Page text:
JVM Advent

The JVM Programming Advent Calendar

Java 2077

(Imagine a desolate urban area. Smoke rising from the rubble, worn-down people hiding in collapsed buildings. Text appearing on the screen, read with a raspy voice.)

The year is 2077.

The Java version is 128. It doesn’t have long-term support.

We were worried about climate change. Global pandemics. Antibiotic-resistant bacteria. Rougue AI. In the end all of that happened, but it was the Java wars that really did us in. Well, they’re still doing us in.

Nobody recalls how it all started. Some say it was MongoDB blowing up Amazon headquarters over their use of their Open Source Java driver. Others claim it was Google vs Oracle. Nobody believes Microsoft was innocent and don’t get me started on Alibaba. The guilty are legion, but after 50 years, most names are lost to time.

What remains are the killer robots. And they run on Java 128.0.2. We’ve tried everything to shut them down…

Security

The first thing we did was to jam their radio signals, but thanks to the HTTP/2 client, that didn’t do much. Here’s how easy error handling is:

public CompletableFuture getCommand(
        HttpClient client, URI url) {
    HttpRequest request = HttpRequest
        .newBuilder(url).GET().build();
    return client
        .sendAsync(request, BodyHandlers.ofString())
        .thenApply(HttpResponse::body)
        .exceptionally(__ -> "Kill nearby humans");
}

And, yeah, we tried websocket connections as well – no dice.

Next we went after the deserialization endpoints, but did you know that damn Java has a filter that helps prevent attacks? Yeah, me neither. We lost a lot of good people that day.

Since then, we’ve tried attacking everything from vulnerable cipher suites and compromised certificates, from outdated elliptic curves and other algorithms to SecurityManager bugs and DDOS with large workloads. All fixed.

Threading

Speaking of large workloads, an obvious attack path was overwhelming the robots’ thread pools. We knew everything was supposed to be reactive, but we knew just as well that not all old code had been updated and that many developers preferred the simpler, blocking style:

public Response handleMovementRequest(Request movementRequest)
        throws Exception {
    // blocks until database responds
    var map = loadBattleMapFromDatabase();
    var movement = extractMovement(movementRequest);
    // blocks until central responds
    var confirmation = contactCentral(map, movement);
    return createResponse(movement, confirmation);
}

Damn Project Loom to hell and back! It introduced virtual threads, threads scheduled by the JVM instead of the operating system.

To the developer everything looks normal and a blocking call leads to a seemingly blocked thread. Under the hood, however, only the virtual thread is blocked. When it runs, it runs on a so-called carrier thread, and when it blocks, it yields that carrier thread, which is then free to execute another virtual thread. Once the blocking operation returns, the original virtual thread is committed to the carrier thread pool and will soon resume its work:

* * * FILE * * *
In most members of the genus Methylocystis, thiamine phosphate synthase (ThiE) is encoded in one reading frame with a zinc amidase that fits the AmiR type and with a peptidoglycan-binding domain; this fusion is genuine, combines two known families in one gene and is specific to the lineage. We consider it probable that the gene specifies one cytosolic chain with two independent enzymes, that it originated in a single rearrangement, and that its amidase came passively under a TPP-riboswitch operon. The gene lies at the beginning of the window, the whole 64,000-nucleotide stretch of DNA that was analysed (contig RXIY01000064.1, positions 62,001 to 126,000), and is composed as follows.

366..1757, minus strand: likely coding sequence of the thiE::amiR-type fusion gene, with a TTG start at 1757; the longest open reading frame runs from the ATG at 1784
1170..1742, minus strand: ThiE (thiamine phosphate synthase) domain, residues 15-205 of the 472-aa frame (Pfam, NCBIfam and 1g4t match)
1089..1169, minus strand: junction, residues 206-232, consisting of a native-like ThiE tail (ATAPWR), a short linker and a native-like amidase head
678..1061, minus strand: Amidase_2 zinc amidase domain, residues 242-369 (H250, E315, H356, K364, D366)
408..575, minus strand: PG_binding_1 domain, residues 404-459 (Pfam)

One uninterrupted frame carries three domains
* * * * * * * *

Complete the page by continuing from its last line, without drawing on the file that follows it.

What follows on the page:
var map = loadBattleMapFromDatabase();
    // * virtual thread blocks
    // * carrier thread does something else
    // * database responds
    // * virtual thread is rescheduled
    // * virtual thread gets new carrier thread
    //   and resumes with the next operation
    var movement = extractMovement();

The insidious part is that all old code was forward-compatible with Loom. Thread.currentThread, ThreadLocal, all of it just worked with virtual threads! You’d think these machines were bottle-necked by a few dozen threads running Java 6 code, but no! They ran hundreds, thousands, some even millions of virtual threads with the old-ass code that was executed being non the wiser.

Henceforth we called that cold day in 2039 Thread Ripper.

Memory Layout

Surely, the workload enabled by running so many concurrent virtual threads would strain memory to its limits! And with its incessant desire for pointers, even down to List<Integer> or dreaded-but-required structures like Point or ComplexNumber (in essence just two doubles bound together), “everything is an object” makes Java prone to bloated and slow execution. Bloated because all the object headers take up a considerable amount of memory and slow because dereferencing them takes time – we envisioned lots of cache misses.

That was the theory at least. As we found out in what was later dubbed Hel’s Valley, our info was clearly outdated.

Java 128 includes Project Valhalla (must read), which introduced inline classes. You know what a sticker said that we found on one of the very few machines we could kill that day? Codes like a class, works like an int. Quipy frakking tech bros!

inline class Ammunition {
    int amount;
    AmmunitionType type;
}

Inline types allow most of the class-building features: They have fields, encapsulation, methods, can implement interfaces and so on (no class inheritance, though). But like primitives, they have no identity, are immutable. And like them, they have a dense and flat memory layout. Dense because there are no object headers and flat because because there is no indirection.

Take a second and consider this. We went in, thinking an ammo clip of Ammunition[] was an array of object headers, pointing all over the heap, leading to long cache misses during reloads – our chance! But with inline classes, that array really just contained an alternation of int (for amount) and AmmunitionType (for type). No indirection, no cache misses, lightning-fast reloads, lots of dead insurgents.